Some sites in the Woodrow Wilson seminar network encourage university faculty not only to lead seminars, but also to meet with interested school departments to discuss curricular development and academic standards. The visits help ensure that public school teaching reflects the latest approaches to scholarship and that college teaching reflects the latest in K–12 pedagogical approaches.
The Approach: Back to College
Rather than attempt to offer intellectual substance at the end of the school day, when teachers are exhausted and have other responsibilities, TAS seminars are held when they have the greatest chance of success: when participant teachers are alert, fresh, and ready to become active participants in the day’s activities. Teachers enrolled in Teachers As Scholars seminars are released during the school day to participate in the program. Schools agree to pay costs for substitute teachers.
Seminars are held on a college or university campus away from the day-to-day responsibilities and distractions of school. Meeting in a university setting not only sends a powerful message to participating teachers about the academic nature of the program, but also demonstrates both the university’s and the school’s investment in the teachers’ engagement.
The Implementation: Woodrow Wilson’s Role
Funding: The Woodrow Wilson Foundation provides start-up grants to help new sites launch TAS programs. Money from Woodrow Wilson may be used to fund any direct program expenses, but grants may not exceed one-third the total program budget (not including in-kind contributions). To maximize the impact of the small grants provided, participating institutions are not permitted to include indirect costs in their proposal as part of the two-thirds’ contribution to the program budget.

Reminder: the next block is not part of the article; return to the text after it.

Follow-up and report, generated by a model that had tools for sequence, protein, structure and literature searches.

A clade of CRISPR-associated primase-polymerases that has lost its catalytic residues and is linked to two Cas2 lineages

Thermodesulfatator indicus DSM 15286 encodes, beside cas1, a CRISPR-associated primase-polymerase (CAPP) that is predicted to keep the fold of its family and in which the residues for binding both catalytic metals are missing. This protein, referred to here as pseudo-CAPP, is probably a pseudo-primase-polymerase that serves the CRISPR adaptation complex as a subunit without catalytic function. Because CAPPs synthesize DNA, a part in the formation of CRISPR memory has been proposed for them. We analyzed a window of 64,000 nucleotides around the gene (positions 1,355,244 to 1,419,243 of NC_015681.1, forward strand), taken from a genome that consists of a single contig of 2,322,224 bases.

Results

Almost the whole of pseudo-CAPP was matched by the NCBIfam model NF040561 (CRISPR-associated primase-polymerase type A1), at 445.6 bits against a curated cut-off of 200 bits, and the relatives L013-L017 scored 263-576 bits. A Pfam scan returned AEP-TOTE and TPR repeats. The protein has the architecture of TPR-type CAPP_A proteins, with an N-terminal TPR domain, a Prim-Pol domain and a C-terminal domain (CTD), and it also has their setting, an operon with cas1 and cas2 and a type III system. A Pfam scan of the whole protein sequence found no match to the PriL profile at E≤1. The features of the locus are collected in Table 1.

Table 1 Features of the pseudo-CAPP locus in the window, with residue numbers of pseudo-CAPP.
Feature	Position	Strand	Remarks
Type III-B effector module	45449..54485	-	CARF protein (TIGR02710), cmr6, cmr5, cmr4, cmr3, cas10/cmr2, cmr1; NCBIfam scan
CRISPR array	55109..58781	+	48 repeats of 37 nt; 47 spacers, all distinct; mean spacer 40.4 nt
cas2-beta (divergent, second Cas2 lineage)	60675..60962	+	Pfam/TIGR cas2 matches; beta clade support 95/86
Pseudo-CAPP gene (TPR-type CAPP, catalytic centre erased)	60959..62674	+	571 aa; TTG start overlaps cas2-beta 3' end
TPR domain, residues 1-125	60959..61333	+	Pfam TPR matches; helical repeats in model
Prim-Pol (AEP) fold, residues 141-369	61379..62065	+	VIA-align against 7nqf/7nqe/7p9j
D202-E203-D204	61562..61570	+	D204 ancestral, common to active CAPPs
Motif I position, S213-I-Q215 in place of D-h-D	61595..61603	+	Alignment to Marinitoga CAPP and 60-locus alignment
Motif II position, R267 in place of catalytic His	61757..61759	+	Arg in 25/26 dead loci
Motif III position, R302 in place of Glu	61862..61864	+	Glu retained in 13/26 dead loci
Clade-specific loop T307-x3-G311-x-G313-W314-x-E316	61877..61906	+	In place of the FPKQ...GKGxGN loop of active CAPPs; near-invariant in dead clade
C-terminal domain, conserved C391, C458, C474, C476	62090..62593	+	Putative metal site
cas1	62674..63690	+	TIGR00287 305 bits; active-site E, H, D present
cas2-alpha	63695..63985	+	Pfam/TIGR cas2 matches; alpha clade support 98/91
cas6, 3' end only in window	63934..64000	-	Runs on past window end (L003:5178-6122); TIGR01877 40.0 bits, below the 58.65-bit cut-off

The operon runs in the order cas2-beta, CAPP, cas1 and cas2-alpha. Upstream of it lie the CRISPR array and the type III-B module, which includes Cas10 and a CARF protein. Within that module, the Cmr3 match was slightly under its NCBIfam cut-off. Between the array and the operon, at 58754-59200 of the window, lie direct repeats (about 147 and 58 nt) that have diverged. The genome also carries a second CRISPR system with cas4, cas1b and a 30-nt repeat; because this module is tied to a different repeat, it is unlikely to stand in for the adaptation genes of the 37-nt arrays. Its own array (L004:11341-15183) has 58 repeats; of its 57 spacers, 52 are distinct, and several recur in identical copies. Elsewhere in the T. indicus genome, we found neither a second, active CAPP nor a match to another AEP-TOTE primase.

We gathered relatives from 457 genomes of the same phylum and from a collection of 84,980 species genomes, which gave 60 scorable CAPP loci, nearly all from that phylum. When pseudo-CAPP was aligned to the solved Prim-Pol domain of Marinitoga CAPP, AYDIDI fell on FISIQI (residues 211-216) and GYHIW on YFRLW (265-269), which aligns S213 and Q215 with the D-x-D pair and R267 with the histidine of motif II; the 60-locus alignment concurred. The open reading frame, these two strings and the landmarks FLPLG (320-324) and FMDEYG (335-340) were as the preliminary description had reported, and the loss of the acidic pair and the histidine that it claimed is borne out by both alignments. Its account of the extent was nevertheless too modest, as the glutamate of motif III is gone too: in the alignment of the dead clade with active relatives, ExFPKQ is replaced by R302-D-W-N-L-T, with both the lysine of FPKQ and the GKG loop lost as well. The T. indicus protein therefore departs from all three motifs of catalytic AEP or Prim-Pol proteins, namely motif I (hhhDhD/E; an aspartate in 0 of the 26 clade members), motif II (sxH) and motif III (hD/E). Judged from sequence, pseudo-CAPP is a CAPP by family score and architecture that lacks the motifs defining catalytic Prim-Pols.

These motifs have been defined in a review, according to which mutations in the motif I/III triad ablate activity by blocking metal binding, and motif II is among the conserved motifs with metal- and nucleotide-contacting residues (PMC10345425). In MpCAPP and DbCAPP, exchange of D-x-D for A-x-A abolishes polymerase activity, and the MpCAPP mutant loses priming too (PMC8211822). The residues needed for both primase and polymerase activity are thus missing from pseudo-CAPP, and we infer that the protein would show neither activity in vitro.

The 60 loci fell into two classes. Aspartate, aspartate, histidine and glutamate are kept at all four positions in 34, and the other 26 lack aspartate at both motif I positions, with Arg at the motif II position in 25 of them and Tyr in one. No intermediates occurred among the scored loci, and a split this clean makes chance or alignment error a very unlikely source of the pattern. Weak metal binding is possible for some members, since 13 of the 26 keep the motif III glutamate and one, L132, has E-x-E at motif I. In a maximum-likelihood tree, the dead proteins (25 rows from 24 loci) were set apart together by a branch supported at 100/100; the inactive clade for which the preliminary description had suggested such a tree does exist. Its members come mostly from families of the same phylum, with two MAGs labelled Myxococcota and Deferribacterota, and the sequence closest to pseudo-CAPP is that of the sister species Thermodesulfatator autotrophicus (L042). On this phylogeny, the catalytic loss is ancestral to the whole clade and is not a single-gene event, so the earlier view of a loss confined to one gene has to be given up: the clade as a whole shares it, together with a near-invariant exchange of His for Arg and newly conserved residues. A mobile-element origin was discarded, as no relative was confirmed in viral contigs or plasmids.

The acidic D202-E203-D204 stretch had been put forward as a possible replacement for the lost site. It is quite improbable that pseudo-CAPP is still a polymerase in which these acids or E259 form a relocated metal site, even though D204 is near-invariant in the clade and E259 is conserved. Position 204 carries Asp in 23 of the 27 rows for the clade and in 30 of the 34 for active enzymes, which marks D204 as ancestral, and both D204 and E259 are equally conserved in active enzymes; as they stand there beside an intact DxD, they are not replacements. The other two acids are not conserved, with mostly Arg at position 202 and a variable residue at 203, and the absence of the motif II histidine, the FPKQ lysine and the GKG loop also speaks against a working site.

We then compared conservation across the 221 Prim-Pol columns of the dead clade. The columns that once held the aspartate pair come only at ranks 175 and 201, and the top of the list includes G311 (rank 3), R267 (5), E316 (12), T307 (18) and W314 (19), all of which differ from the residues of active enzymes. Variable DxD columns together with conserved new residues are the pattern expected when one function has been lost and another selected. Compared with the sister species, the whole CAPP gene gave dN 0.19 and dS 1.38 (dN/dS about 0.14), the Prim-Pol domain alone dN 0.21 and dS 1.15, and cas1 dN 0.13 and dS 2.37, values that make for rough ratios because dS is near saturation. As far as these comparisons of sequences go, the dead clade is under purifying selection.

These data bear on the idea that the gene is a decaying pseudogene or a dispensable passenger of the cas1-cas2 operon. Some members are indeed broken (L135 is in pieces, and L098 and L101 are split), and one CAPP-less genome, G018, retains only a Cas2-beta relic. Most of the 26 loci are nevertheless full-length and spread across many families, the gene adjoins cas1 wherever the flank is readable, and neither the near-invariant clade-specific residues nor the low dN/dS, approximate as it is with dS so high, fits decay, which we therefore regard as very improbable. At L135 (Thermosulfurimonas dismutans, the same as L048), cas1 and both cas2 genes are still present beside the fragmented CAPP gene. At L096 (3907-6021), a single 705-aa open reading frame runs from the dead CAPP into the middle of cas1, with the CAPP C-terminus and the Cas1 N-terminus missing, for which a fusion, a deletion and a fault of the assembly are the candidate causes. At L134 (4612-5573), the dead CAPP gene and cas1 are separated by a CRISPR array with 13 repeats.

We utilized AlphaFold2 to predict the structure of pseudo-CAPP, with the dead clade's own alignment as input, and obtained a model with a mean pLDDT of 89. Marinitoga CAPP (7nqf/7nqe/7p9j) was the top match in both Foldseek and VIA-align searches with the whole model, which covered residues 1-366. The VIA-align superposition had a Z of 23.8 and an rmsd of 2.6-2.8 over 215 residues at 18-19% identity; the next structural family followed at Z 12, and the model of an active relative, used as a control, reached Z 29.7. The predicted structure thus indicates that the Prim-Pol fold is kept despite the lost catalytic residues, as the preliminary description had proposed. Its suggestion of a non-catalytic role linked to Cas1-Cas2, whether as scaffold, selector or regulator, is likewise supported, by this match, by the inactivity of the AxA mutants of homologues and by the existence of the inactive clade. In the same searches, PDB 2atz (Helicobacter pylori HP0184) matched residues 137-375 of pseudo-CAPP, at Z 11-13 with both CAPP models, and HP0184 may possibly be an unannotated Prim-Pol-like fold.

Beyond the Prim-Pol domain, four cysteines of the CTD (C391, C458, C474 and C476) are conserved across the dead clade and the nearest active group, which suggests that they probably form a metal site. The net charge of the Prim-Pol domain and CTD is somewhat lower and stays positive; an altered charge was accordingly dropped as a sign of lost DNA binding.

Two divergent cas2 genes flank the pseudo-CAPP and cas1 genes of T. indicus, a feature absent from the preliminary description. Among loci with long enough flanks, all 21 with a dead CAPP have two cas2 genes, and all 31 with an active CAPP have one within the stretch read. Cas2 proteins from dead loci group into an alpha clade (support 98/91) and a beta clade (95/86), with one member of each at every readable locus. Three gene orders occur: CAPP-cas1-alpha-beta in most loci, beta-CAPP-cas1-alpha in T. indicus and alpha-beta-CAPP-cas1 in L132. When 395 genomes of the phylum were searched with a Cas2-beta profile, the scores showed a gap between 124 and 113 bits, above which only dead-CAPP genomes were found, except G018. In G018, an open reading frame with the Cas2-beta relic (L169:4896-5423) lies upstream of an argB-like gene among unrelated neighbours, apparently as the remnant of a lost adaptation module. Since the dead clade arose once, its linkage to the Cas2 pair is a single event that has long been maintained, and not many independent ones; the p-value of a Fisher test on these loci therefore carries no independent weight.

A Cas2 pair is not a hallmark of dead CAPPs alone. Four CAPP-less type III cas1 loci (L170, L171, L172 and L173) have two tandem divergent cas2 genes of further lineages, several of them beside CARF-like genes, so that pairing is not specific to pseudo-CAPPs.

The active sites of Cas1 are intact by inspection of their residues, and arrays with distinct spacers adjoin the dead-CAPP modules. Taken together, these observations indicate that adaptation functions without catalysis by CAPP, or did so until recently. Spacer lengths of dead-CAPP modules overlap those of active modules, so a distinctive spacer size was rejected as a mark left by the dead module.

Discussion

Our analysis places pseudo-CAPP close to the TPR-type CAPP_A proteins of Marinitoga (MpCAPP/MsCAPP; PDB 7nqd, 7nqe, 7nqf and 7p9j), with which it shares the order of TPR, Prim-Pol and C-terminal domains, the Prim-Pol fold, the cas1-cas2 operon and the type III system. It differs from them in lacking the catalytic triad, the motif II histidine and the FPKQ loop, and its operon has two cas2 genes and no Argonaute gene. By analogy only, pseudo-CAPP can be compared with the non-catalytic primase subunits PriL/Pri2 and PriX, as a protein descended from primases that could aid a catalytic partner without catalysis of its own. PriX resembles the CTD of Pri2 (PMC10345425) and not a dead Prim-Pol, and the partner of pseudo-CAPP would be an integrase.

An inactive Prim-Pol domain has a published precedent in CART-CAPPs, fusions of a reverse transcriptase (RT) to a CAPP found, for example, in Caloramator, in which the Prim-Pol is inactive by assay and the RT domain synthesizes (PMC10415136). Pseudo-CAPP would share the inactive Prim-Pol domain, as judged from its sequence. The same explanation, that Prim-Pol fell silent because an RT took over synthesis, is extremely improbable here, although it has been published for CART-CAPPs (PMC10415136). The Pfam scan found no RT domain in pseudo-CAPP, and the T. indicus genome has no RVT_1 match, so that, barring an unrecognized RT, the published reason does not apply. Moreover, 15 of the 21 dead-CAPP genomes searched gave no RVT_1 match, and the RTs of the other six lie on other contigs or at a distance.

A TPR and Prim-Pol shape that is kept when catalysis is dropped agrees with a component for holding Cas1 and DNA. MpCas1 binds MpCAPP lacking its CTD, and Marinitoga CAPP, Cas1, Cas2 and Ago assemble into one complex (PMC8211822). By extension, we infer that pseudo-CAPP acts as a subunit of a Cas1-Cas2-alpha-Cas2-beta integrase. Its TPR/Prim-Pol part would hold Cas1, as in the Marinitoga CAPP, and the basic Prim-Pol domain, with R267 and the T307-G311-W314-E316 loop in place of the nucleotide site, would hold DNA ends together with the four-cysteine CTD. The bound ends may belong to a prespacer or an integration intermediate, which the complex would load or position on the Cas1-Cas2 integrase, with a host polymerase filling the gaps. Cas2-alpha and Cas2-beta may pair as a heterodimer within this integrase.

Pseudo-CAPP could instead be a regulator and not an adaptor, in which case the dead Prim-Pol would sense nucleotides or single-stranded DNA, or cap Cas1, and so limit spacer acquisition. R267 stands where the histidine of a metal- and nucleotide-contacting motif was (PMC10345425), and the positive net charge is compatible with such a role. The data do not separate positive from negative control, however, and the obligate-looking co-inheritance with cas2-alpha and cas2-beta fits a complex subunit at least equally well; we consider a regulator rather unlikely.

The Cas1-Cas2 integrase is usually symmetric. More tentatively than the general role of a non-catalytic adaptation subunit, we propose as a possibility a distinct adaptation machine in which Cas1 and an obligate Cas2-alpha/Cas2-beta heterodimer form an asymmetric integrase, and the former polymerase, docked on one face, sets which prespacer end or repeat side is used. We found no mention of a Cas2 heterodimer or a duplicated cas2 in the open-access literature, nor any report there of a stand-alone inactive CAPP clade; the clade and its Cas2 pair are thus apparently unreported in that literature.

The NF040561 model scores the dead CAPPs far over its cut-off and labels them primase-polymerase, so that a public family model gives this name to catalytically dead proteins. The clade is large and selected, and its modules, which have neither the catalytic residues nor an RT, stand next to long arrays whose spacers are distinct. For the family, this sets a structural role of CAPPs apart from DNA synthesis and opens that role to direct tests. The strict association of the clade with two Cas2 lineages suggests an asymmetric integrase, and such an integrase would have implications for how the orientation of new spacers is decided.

While sources of other funding vary from site to site, most sites rely on a partnership model for various contributions. School districts bear the costs of hiring substitute teachers; at some sites they are also required to pay membership fees (other sites seek additional external funds to obviate such fees). Universities provide classroom facilities, program administration, and office costs. Frequently, local foundations or PTAs also contribute to help cover school expenses.
Technical Assistance: In addition to startup funds, Woodrow Wilson also offers technical assistance, both for districts developing TAS partnerships and for similar programs not seeking financial support through WW funds. Districts and institutions applying to participate in the WW network should request pre-application review of and advice on proposals.
In-Network Support and Convenings: Woodrow Wilson convenes annual meetings of all TAS project directors, hosted by sites around the country. In addition, a WW email list offers program directors ongoing opportunities to interact and exchange ideas.
For more information about available assistance, contact Marue Walizer, Senior Consultant for School/University Partnerships,at (609) 452-7007, ext. 313.